Research/Evidence Base

See the Sound/Visual Phonics (aka Visual Phonics) was originally “founded” by survey research (Snow & Morrison, 1991), followed by a smattering of research connected to literacy and speech therapy over the next 25 years. Formal research and data gathering has received a renewed impetus in the past 5 years, and is providing research-based and evidence-based support for the anecdotal evidence that has been ongoing throughout Visual Phonics’ history.

Formal research studies by Trezek and her colleagues (2005, 2006 & 2007) have shown Visual Phonics to be an effective strategy for literacy with deaf/hearing impaired students in elementary and middle school populations. Recent research by Cihon et al (2008) examined the impact of Visual Phonics as an intervention for Kindergarten children who are falling behind using the regular curriculum, and found post-intervention gains on both the Dynamic Indicators of Basic Early Literacy Skills (DIBELS) and the curriculum based assessment for the students who participated in the intervention. Study data also suggested that target group students performed similarly to grade level peers who were at benchmark based on DIBELS and who did not receive the intervention.

Evidence-based data is showing:

  • earlier Alphabetic Principle skills for Kindergarteners, as students are learning 95-100% of the  letters and their corresponding sounds by November/December (as compared to late January to late March prior to the introduction of Visual Phonics)
  • a decrease in summer drop-off between Kindergarten & 1st grade
  • an increase in sight word knowledge in 1st grade Title One Reading students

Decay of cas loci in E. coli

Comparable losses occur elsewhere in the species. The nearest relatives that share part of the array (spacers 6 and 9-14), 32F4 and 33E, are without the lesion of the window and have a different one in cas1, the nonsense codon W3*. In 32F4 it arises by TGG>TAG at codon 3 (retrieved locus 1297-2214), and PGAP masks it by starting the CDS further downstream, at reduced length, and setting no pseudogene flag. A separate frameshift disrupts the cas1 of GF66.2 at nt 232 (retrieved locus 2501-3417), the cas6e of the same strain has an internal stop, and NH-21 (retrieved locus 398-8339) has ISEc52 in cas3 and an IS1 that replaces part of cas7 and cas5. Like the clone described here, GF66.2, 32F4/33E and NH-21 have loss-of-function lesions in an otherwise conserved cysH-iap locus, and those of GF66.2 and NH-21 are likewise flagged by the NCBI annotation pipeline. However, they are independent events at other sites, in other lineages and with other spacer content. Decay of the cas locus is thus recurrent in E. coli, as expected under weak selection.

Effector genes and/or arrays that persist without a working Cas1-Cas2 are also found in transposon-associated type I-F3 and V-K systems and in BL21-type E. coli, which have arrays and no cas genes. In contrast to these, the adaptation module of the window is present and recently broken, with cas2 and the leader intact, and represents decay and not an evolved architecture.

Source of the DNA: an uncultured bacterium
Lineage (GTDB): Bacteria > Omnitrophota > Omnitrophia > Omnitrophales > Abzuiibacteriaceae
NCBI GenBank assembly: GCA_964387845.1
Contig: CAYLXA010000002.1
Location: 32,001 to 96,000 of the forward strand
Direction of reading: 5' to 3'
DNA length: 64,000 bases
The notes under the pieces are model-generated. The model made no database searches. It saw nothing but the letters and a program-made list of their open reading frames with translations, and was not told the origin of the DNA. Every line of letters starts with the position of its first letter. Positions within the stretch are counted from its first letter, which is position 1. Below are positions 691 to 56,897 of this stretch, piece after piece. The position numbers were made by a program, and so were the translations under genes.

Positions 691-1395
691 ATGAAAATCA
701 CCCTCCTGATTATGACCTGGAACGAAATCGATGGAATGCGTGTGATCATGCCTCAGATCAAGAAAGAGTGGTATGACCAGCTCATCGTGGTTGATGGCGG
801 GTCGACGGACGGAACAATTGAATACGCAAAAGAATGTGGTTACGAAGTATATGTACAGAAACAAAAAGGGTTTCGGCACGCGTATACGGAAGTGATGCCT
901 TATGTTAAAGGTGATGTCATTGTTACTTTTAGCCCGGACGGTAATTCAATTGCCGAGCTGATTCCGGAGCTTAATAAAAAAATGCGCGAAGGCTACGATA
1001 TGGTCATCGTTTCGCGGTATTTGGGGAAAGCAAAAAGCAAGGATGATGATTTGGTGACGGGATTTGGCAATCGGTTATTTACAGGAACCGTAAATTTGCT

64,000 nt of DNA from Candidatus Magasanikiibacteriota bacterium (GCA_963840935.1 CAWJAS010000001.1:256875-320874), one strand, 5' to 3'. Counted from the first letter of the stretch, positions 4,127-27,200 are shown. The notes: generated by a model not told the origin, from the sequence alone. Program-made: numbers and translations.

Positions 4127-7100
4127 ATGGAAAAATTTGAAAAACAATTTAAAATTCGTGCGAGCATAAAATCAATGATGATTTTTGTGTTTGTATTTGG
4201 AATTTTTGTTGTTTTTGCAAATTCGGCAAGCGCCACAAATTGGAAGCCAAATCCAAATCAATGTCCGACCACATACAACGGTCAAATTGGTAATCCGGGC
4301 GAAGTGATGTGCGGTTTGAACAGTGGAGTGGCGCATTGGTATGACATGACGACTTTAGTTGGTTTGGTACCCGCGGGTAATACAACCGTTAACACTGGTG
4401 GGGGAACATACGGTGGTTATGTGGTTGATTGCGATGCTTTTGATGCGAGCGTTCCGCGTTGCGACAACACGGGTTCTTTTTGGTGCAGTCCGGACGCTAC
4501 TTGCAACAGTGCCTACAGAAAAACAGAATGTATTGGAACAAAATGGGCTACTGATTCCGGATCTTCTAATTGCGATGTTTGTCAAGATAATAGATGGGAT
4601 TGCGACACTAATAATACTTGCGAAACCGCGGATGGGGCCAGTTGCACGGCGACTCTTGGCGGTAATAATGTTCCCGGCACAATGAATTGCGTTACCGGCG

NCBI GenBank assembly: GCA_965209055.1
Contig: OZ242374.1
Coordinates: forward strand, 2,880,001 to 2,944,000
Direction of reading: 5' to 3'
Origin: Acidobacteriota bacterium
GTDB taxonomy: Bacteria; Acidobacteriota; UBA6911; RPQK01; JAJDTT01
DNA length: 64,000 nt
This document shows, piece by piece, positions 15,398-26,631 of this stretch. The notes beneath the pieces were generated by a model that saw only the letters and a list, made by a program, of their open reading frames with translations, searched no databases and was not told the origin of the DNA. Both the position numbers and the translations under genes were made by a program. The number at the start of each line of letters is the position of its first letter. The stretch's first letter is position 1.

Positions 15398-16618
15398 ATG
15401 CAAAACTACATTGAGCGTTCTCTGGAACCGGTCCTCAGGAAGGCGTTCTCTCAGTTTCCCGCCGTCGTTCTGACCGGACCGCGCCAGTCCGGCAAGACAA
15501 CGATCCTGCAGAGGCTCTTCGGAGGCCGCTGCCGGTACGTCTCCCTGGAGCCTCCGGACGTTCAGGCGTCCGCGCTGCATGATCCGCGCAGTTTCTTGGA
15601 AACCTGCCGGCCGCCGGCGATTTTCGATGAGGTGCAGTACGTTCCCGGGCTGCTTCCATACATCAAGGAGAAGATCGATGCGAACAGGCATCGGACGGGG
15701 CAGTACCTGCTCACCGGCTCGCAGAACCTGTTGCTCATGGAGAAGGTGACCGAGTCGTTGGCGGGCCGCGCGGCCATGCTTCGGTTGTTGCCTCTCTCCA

• earlier writing in Kindergarten
  • improved nonsense word fluency on winter DIBELS in Kindergarten
  • District-wide higher DIBELS scores for initial sound fluency in Kindergarten, as compared to the previous 6 years
  • significant decreases in b-d confusions
  • trend line “up-ticks” for oral reading fluency for 2nd grade LD-Resource & Special Reading students, resulting in parallel & converging data plots when compared to grade-level peers

Research and data gathering are ongoing, especially with hearing children.


Cihon, M, Gardner, R., Morrison, D., & Paul, V.P. (2008). Using Visual Phonics as a Strategic Intervention to Increase Literacy Behaviors for Kindergarten Participants At-Risk for Reading Failure. Journal of Early and Intensive Behavior Intervention. 5(3), 138-154.

Haarstad, L. (2010). Improve Decoding with Visual Phonics. Unpublished manuscript. St. Mary’s University, Owatonna, Minnesota

Knox, J.A., and Krupke, D. L. (2015). The Effect of See the Sound-Visual Phonics on the Decoding Abilities of First Grade Students. Unpublished manuscript, St. Ambrose University, Davenport Iowa.

Morrison, D., Trezek, B.J., and Paul, P.V. (2008) Can You See that Sound? A Rationale for a Multisensory Tool for Struggling Readers. Balanced Reading Instruction, Spring, 11-26.

Snow, M. & Morrison, D. (1991, Oct. 18). See The Sound: Eliminating Phonetic Roadblocks to Literature. Presentation at IRA Northern
Plains Regional Conference.

Trezek, B. J. & Malmgren, K. W. (2005). The efficacy of utilizing a phonics treatment package with middle school deaf and hard-of-hearing participants. Journal of Deaf Studies and Deaf Education, 10(3), 257-271.

Trezek, B. J. & Wang, Y. (2006). Implications of utilizing a phonics-based reading curriculum with children who are deaf or hard-of-hearing. Journal of Deaf Studies and Deaf Education, 11(2), 202-213.

Trezek, B. J., Wang, Y., Woods, D. G., Gampp, T. L., & Paul, P. V. (2007). Using Visual Phonics to supplement beginning reading instruction for participants who are deaf or hard-of-hearing. Journal of Deaf Studies and Deaf Education, 12(3), 373-384.